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Sacred Heart University Irish Dancer Takes Third Place In National Championship

Cahill started dancing at age 4 and has been jet-setting around the world for dance competitions since she was 9 years old.

Rising sophomore and Sacred Heart University Claddagh dancer Maeve Cahill recently placed third in the nation at the 2022 North American Irish Dance Championships in Montreal.

Cahill's home is nestled in central Massachusetts. She's lived in Auburn for most of her life, graduating from Auburn High School before she became a Pioneer. Though dancing takes up most of her time, Cahill successfully completed her freshman year as a political science major with hopes of adding minors in Spanish and global business management.

"I've loved being at Sacred Heart. I am only going to be a sophomore next year, but my freshman year was awesome! I'm involved in a bunch of things on campus, but dance is my favorite," said Cahill.

Allison O'Riordan, SHU's Irish dance ensemble instructor, called Cahill "a fantastic dancer" to have in the University's Irish Dance Ensemble. "Maeve is not only a strong dancer but an asset to the team with her enthusiasm and willingness to put work in on a variety of numbers. She pushes herself to try something new," O'Riordan said.

Cahill started dancing at age 4 and has been jet-setting around the world for dance competitions since she was 9 years old. The McInerney School of Irish Dance in her hometown provided Cahill with all her training prior to SHU. Cahill has traveled all over the United States and parts of Europe and Canada for opportunities to test her talent in Irish dance.

She spoke of missing that after the pandemic prevented travel, and how her fellow Claddagh dancers at SHU were supportive and helpful in keeping her spirits up.

"I've been able to learn so much from the other girls on the team because they come from different studios and they have an eye for different things. They have really unique opinions that I value," said Cahill. "It's been great to be able to collaborate with other dancers in that way, and to have such great facilities, teachers and coaches supporting us at Sacred Heart."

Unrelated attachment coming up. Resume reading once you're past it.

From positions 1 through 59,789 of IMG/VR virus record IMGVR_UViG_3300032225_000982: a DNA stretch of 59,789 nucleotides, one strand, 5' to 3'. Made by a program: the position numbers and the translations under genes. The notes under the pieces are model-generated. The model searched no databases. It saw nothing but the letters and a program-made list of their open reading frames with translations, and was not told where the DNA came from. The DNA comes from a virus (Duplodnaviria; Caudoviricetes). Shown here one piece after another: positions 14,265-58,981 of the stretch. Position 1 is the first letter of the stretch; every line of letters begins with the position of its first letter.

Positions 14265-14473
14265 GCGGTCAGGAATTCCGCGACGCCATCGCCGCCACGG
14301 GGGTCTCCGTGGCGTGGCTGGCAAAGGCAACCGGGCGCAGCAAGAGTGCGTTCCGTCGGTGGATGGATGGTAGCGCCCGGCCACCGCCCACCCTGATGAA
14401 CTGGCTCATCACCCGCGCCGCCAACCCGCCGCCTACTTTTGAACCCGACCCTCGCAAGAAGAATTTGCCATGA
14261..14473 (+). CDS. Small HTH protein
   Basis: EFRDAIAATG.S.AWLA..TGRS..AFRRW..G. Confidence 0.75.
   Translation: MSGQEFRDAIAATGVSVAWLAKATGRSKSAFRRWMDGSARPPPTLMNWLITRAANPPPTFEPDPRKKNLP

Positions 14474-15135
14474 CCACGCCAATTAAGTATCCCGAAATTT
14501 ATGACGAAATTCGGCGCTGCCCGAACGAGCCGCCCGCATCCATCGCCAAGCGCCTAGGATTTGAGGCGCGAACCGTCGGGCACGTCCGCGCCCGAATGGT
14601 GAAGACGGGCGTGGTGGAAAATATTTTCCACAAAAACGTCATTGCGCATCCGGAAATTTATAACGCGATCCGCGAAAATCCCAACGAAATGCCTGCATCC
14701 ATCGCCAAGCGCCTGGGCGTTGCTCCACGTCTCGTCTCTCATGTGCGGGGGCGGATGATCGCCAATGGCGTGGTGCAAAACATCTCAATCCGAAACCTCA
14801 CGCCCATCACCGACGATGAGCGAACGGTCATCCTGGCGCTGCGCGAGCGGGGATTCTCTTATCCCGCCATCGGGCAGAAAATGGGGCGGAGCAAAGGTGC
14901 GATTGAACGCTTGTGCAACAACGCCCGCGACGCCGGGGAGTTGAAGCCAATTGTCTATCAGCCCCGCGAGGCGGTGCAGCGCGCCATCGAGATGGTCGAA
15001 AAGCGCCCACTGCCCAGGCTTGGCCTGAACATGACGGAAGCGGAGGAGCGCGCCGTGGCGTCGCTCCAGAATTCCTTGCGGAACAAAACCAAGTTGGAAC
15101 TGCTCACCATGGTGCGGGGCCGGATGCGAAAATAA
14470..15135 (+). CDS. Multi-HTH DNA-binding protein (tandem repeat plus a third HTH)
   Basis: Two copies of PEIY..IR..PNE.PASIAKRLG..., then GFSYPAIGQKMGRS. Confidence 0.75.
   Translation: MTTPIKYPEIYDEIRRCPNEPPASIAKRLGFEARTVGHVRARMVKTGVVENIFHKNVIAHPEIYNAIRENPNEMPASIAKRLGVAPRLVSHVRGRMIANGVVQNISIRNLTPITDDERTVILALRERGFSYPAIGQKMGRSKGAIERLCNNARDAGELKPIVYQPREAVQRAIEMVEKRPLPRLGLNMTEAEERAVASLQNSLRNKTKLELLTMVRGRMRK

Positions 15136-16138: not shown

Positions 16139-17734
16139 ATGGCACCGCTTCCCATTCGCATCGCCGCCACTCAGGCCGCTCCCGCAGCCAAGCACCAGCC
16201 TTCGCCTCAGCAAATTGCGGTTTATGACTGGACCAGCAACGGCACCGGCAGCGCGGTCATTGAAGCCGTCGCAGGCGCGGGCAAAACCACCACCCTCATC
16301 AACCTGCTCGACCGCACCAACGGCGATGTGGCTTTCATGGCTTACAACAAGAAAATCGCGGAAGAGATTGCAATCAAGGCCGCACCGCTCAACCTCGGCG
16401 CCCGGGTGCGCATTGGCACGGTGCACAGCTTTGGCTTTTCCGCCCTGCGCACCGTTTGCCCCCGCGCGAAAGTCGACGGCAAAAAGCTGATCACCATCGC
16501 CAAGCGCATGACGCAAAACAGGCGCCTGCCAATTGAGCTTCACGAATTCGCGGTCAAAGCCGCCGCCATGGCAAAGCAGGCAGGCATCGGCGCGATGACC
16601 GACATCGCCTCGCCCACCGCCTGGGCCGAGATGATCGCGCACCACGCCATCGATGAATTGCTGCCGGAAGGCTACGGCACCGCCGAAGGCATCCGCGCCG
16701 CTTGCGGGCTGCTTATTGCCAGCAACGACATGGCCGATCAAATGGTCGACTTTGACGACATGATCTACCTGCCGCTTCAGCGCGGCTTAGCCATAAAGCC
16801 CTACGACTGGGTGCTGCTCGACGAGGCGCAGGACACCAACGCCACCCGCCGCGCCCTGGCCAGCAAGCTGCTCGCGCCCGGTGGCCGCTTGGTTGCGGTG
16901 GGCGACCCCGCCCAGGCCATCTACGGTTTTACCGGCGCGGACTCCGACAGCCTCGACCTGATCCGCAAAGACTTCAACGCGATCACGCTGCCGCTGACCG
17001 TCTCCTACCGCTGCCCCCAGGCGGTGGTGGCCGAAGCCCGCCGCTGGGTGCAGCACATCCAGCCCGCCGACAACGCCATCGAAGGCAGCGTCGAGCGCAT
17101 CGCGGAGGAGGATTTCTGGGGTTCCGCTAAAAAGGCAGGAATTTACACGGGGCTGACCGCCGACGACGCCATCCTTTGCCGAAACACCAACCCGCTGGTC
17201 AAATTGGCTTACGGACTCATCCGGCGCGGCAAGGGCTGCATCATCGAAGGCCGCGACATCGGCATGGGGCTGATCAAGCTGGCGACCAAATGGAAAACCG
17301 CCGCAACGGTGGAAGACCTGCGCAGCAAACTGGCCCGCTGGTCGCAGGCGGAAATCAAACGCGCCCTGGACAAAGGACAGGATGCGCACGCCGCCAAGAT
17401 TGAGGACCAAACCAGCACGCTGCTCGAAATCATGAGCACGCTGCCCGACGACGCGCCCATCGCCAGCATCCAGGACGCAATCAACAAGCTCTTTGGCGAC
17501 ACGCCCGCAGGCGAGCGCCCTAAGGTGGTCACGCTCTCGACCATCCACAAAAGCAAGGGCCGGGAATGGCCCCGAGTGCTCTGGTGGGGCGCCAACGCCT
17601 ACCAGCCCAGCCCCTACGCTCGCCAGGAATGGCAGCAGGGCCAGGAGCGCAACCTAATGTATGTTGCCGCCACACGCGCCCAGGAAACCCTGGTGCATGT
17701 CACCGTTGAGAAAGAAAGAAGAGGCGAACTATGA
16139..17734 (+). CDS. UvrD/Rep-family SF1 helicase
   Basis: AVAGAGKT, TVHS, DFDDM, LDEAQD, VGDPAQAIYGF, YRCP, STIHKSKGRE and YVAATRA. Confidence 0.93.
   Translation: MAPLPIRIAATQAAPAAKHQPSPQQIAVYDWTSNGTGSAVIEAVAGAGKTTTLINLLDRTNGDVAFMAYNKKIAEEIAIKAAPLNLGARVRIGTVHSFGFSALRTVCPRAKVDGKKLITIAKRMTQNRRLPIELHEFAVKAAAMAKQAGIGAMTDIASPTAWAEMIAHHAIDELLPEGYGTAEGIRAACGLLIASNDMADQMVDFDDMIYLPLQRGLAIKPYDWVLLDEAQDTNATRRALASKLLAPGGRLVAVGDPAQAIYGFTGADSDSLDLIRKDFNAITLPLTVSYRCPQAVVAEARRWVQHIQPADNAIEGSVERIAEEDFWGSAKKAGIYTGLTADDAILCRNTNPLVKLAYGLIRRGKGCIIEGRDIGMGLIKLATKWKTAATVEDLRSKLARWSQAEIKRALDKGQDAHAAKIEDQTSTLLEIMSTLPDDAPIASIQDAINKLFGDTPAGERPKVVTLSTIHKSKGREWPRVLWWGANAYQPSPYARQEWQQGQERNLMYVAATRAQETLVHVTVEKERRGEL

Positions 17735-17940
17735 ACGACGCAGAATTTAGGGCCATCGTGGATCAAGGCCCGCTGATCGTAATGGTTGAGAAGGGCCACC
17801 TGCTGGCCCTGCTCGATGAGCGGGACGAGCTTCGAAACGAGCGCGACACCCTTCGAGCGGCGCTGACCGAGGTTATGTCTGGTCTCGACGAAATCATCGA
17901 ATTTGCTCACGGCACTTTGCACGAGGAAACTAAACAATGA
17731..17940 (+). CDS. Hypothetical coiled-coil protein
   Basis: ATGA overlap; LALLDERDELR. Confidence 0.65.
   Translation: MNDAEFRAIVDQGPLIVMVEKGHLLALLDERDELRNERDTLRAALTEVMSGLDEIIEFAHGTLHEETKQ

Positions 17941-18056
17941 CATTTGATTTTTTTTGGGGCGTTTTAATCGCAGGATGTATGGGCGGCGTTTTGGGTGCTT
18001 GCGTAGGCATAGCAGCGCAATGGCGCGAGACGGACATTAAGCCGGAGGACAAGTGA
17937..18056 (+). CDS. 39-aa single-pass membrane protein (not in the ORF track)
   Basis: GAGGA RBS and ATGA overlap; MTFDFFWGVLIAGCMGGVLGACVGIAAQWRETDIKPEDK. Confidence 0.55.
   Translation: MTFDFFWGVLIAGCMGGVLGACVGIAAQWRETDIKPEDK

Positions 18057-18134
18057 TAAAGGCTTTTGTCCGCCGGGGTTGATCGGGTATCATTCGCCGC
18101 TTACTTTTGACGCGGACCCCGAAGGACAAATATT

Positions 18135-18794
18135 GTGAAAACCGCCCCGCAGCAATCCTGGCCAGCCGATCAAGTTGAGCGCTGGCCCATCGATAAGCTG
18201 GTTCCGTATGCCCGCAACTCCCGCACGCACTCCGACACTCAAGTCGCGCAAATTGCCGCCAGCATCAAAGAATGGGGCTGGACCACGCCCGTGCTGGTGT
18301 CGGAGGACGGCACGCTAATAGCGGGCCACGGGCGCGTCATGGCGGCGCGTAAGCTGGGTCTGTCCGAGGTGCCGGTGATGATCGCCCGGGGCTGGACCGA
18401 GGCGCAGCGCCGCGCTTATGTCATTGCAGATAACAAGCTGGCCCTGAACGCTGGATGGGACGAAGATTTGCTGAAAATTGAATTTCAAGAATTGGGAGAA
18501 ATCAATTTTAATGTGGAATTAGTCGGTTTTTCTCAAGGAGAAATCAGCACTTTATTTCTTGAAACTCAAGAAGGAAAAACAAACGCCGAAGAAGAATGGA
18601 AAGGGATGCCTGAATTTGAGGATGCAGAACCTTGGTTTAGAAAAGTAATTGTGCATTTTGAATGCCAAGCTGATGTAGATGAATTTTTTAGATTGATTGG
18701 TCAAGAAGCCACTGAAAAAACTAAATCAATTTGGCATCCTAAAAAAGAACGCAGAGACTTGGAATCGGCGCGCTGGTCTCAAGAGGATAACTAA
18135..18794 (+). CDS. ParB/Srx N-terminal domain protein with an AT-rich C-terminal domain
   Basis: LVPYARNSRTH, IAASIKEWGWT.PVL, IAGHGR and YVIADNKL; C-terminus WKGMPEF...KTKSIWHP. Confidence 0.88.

Along with Cahill's recent win at nationals, she was crowned 19th in the world during the World Championships for Irish Dance this past April.

"I've always dreamed of being able to do my step dance on the world stage, and it was like a dream come true. And then to be able to carry it over and keep the momentum going to nationals was awesome," said Cahill. "I just was so grateful because I know my younger self would be so proud of me now."

To O'Riordan, one exciting aspect of the dancer's impressive showing is that "it puts SHU's dance program on the map for other competitive dancers. It sends the message that you can go to college and still compete at the highest level."

"Irish dance is a highly specialized, complicated, athletic and cultural performance art. It takes years of dedication and practice to be able to compete on the national and world leveIs," said O'Riordan. "I think it should be known that the level of focus and dedication to be successful, like Maeve is, is not an easy thing to do. It takes hours of practice, intense stamina and endurance."

While Cahill's dream is to go on a professional tour one day, she is currently working towards earning her teaching certification so she can pass along what she has learned to others hoping to master the skill.

"I get the privilege of teaching and helping out now, and I love it. The kids are so full of energy and they're so excited to be there, which makes me excited to be there. And they're adorable! Even the little ones are good, and I love watching them grow up," said Cahill. "I've helped mentor them a little bit and it's been awesome watching them mature in their dancing and in their personalities and advance in all aspects of life."

Cahill encourages any and all future dancers to "never give up." She recounts setbacks throughout her dance career and, instead of dwelling on the past, she always finds a reason to think positively.

"Sometimes things don't make sense, but they'll always work out the way that they're supposed to," she said.

Visit the SHU dance program webpage for more information.




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